Dividend rout blamed on hedge fund short positions

Some bankers say hedge funds are behind the dramatic fall in dividends on May 7


(Updated on May 28): Hedge funds that shorted European dividends saw a spectacular return when Eurex-listed dividend futures suffered their biggest one-day fall on Friday May 7. Bankers say one fund went short in particularly large size just a day earlier, when the 2011 contract for Eurostoxx 50 dividend futures closed at 105. By the end of trading on the Friday, the market had fallen to 93 - a collapse of more than 11% that would translate into a gain of around €11 million on a trade of 10,000 contracts. In total, 110,000 contracts traded during the week.

A number of dealers say New York-based Moore Capital was the most active of several shorting funds. However, a source close to Moore claims the fund was reducing an existing long position rather than going outright short dividends.

The cause of the dividend market's Black Friday is disputed. The obvious culprit initially appeared to be the previous day's ‘flash crash' in the US, which saw the Dow Jones Industrial Average index dive 600 points in a matter of minutes. Some dealers, though, argue the heavy shorting activity by hedge funds was the trigger.

Banks are typically long dividends as a result of their structured products businesses, so the additional long exposure the Street acquired from its fund counterparties forced dealers to hedge in a market where no-one was able to take further dividend exposure. In effect, the short trades were self-fulfilling.

"Dealers ended up buying a decent chunk of dividends on Thursday. Those volumes weren't crazy and could have been recycled in normal market conditions. But overnight we had this very bizarre thing in the US, with the Dow dropping more than at any time since 1987. That shocked the market and when people got to their desks on Friday, all the bids in the dividend market had backed away," says an equity derivatives trader at one European bank.

As a result, when one of the counterparties to the funds' trades tried to cover its long position, it found the dealer community was unwilling to trade in any volume, says a London-based equity derivatives trader at one UK bank.

"A large portion of the market had got very long as a result of these trades overnight and didn't want to get any longer, so there wasn't much support in the interbank market," says the London-based trader. "For the first time, we saw the majority of volume going through on screen. It looked like someone was picking off the market-makers - every time one of them showed a bid in 50 or 100 lots, it would get hit and that just drove the market lower."

At one point on May 7, the Eurostoxx 2011 dividend futures contract went as low as 91 - "stupid levels", says the head of flow equity derivatives at one European bank. That kind of figure would imply no dividend at all next year from any of the banks in the Eurostoxx index and a 50% cut in insurance company dividends, says the European bank's trader: "That's obviously very, very pessimistic. Our own base expectation is for 2011 dividends to reach 120 or 125, with an absolute worst case of 105."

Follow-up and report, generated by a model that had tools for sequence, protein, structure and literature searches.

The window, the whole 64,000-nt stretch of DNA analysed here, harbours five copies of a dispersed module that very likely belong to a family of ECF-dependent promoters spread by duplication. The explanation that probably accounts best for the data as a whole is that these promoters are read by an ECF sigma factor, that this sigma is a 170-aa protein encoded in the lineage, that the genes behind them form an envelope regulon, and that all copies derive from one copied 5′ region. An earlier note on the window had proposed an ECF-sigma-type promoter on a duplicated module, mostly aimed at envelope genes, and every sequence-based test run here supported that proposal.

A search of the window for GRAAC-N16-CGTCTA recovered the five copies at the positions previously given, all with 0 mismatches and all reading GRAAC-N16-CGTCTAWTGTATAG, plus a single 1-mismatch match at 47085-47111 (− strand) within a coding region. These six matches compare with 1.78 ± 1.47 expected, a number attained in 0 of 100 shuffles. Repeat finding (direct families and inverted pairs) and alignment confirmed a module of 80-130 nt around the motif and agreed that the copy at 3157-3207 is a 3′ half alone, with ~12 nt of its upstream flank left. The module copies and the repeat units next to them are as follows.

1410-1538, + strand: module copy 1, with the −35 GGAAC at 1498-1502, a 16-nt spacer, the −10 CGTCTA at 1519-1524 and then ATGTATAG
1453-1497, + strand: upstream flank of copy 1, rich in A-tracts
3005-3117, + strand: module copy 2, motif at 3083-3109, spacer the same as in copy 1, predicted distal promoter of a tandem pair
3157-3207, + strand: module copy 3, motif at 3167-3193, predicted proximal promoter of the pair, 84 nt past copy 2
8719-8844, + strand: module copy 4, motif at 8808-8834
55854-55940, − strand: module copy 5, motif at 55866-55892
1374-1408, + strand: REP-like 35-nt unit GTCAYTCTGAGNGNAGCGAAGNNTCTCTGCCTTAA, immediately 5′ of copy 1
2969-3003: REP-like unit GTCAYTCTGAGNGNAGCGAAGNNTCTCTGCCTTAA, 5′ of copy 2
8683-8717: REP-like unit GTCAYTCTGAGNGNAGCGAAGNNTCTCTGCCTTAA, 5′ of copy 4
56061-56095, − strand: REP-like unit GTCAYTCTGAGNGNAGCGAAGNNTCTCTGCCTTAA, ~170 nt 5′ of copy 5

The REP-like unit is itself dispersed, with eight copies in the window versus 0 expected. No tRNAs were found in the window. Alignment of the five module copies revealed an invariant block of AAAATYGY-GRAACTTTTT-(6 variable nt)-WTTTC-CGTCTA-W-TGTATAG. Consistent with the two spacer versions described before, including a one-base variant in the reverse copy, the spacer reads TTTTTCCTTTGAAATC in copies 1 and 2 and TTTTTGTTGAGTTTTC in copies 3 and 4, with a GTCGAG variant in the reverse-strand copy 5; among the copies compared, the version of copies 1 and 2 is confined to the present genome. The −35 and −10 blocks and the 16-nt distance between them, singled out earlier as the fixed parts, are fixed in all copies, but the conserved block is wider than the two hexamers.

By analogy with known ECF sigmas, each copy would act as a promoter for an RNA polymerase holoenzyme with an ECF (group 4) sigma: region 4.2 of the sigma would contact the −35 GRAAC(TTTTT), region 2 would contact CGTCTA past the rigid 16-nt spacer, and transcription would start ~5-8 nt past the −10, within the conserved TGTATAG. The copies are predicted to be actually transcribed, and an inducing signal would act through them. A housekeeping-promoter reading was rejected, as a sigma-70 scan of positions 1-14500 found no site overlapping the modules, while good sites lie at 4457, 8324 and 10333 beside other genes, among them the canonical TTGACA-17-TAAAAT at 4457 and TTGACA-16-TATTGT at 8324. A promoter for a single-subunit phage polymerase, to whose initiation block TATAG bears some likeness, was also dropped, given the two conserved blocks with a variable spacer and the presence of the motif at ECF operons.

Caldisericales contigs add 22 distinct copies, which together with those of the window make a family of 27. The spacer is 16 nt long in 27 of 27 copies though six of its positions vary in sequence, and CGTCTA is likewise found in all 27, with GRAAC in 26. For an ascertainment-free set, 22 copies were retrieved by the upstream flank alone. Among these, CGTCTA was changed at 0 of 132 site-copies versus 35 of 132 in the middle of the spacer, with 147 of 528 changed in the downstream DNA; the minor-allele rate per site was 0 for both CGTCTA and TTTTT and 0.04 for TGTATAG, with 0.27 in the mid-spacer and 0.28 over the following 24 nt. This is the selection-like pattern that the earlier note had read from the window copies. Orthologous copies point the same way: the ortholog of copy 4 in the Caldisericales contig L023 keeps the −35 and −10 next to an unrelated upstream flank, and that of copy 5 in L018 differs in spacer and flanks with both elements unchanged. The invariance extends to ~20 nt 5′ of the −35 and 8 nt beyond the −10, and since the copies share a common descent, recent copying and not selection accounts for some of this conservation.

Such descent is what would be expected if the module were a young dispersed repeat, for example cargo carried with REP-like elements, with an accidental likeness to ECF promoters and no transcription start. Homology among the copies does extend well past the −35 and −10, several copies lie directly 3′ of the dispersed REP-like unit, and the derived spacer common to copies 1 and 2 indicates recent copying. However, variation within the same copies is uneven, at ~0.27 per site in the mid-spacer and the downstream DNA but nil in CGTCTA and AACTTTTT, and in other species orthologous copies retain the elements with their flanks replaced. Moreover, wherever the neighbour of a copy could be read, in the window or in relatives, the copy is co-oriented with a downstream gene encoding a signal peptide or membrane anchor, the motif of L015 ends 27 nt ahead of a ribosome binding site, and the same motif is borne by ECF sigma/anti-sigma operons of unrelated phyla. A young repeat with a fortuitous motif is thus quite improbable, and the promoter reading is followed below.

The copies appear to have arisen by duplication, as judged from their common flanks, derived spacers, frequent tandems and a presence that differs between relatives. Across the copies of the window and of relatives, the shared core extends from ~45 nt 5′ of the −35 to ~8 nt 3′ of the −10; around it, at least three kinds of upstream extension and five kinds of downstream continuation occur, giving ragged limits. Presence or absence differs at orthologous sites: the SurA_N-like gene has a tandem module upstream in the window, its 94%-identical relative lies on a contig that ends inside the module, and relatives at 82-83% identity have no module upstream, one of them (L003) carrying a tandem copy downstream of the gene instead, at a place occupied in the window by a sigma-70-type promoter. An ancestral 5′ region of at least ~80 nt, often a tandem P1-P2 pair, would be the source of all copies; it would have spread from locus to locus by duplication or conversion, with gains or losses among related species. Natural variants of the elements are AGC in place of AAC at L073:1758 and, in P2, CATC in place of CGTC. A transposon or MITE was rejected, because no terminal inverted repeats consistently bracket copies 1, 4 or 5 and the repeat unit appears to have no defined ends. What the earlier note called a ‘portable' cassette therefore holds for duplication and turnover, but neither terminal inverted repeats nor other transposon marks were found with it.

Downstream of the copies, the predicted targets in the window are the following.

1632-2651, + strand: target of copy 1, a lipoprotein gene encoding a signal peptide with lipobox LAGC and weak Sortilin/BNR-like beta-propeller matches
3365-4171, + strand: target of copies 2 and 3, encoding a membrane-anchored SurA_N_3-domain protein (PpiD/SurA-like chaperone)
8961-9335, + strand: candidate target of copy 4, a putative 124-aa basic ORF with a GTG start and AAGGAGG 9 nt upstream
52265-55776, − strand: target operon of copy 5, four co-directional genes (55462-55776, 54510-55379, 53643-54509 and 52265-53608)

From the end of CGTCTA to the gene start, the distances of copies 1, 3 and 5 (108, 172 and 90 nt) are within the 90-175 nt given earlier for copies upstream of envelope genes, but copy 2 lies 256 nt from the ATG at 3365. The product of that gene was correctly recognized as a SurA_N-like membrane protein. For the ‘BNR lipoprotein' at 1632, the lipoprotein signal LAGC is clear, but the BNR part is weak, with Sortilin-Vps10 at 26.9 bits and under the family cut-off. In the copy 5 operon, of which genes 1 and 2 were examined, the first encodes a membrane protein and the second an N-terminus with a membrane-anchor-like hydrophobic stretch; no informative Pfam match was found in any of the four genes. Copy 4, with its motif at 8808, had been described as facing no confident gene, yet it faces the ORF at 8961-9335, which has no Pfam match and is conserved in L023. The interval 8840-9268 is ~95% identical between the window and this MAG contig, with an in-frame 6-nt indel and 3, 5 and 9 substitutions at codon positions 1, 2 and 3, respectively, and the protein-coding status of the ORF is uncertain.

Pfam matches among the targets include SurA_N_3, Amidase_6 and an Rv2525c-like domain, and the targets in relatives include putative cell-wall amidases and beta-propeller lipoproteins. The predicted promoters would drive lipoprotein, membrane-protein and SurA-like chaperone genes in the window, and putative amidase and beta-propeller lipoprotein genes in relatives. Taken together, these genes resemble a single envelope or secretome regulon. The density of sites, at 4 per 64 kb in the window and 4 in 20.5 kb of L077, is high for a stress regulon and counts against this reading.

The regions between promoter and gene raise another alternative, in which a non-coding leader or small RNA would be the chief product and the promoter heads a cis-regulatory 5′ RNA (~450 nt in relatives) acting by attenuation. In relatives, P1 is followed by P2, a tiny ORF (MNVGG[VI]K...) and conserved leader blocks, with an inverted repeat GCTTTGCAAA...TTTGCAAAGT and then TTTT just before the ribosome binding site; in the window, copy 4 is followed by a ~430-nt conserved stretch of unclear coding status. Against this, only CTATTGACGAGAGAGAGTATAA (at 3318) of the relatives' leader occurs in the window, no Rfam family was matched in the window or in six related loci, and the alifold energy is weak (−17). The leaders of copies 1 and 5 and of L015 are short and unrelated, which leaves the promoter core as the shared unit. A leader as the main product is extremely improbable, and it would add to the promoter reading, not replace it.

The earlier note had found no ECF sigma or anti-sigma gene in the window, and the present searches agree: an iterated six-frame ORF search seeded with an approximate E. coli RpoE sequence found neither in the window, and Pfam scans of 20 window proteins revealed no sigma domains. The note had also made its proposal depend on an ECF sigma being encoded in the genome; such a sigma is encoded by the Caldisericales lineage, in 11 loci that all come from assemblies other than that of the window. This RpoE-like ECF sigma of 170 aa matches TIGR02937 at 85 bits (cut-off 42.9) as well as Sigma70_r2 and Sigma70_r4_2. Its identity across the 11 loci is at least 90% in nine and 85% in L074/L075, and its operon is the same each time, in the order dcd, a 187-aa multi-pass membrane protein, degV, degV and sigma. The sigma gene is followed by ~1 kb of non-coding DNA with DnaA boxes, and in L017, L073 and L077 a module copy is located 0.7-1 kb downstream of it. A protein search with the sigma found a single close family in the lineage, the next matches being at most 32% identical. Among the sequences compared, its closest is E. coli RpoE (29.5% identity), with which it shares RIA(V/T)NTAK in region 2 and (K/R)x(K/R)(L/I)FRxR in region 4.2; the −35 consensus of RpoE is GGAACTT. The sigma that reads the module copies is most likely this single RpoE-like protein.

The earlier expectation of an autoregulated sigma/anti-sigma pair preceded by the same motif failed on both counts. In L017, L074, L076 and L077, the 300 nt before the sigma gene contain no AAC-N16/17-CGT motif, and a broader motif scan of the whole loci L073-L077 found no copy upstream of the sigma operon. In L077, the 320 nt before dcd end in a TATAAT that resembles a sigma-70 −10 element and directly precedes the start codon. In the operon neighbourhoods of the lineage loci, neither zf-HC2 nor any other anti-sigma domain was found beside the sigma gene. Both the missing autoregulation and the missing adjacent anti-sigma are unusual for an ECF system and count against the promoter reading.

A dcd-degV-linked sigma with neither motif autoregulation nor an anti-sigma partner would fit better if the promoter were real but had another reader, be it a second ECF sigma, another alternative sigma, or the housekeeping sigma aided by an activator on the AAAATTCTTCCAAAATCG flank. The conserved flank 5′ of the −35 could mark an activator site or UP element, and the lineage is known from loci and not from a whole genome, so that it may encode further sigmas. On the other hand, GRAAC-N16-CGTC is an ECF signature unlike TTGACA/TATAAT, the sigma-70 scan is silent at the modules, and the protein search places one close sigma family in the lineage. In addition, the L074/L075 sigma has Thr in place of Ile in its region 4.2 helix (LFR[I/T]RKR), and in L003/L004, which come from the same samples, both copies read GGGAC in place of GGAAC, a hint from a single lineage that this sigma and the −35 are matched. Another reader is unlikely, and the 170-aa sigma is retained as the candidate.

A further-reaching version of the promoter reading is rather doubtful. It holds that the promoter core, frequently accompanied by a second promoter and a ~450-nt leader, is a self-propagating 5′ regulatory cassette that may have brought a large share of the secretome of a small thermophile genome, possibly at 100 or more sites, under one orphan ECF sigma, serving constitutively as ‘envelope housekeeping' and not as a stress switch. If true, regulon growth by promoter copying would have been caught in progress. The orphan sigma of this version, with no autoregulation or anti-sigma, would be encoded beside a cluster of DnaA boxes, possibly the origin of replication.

While the collapse initially looked like a blip when traders returned to their desks on May 10 - the December 2011 future rebounded to 101.8 - the whole dividend curve proceeded to disintegrate over the next fortnight. Contracts at the short end of the curve - December 2011, December 2012 and December 2013 - dropped from 101.8, 99.5 and 100.4 on May 10 to 94.1, 87.8 and 86.8 on May 20, respectively.

The move has been put down to broad selling by the non-dealer community sparked by the rout on May 7. "The drop in implied dividends is a function of a lack of liquidity and some large-scale selling," says Pam Finelli, an equity derivatives strategist at Deutsche Bank in London. "It underscores that we are in an environment where people are unwinding risk trades. Even though the dividend market has grown tremendously and has a more diversified investor base, if there is large-scale selling and panic unwinds, it causes a bit of alarm and may drive additional de-risking."

Despite a slight rebound in futures prices - the December 2011 and December 2012 contracts traded at 100.4 and 95.7, respectively, on May 27 - strategists argue there is still an opportunity to profit at the short end of the curve.

"From a rational standpoint, it doesn't make any sense for dividend futures to move more than the index. If you look back over the past month, the way the front end of the curve has been moving is surprising. It should be much stickier than equity prices. A 25% drop over the next two years and then no growth priced into the curve is incredible. But this means there is an opportunity that exists now because there is a liquidity premium, especially on the shorter end of the curve. No matter what happens in the market, the December 2011 and December 2012 contracts should move closer to fair value," says Finelli.


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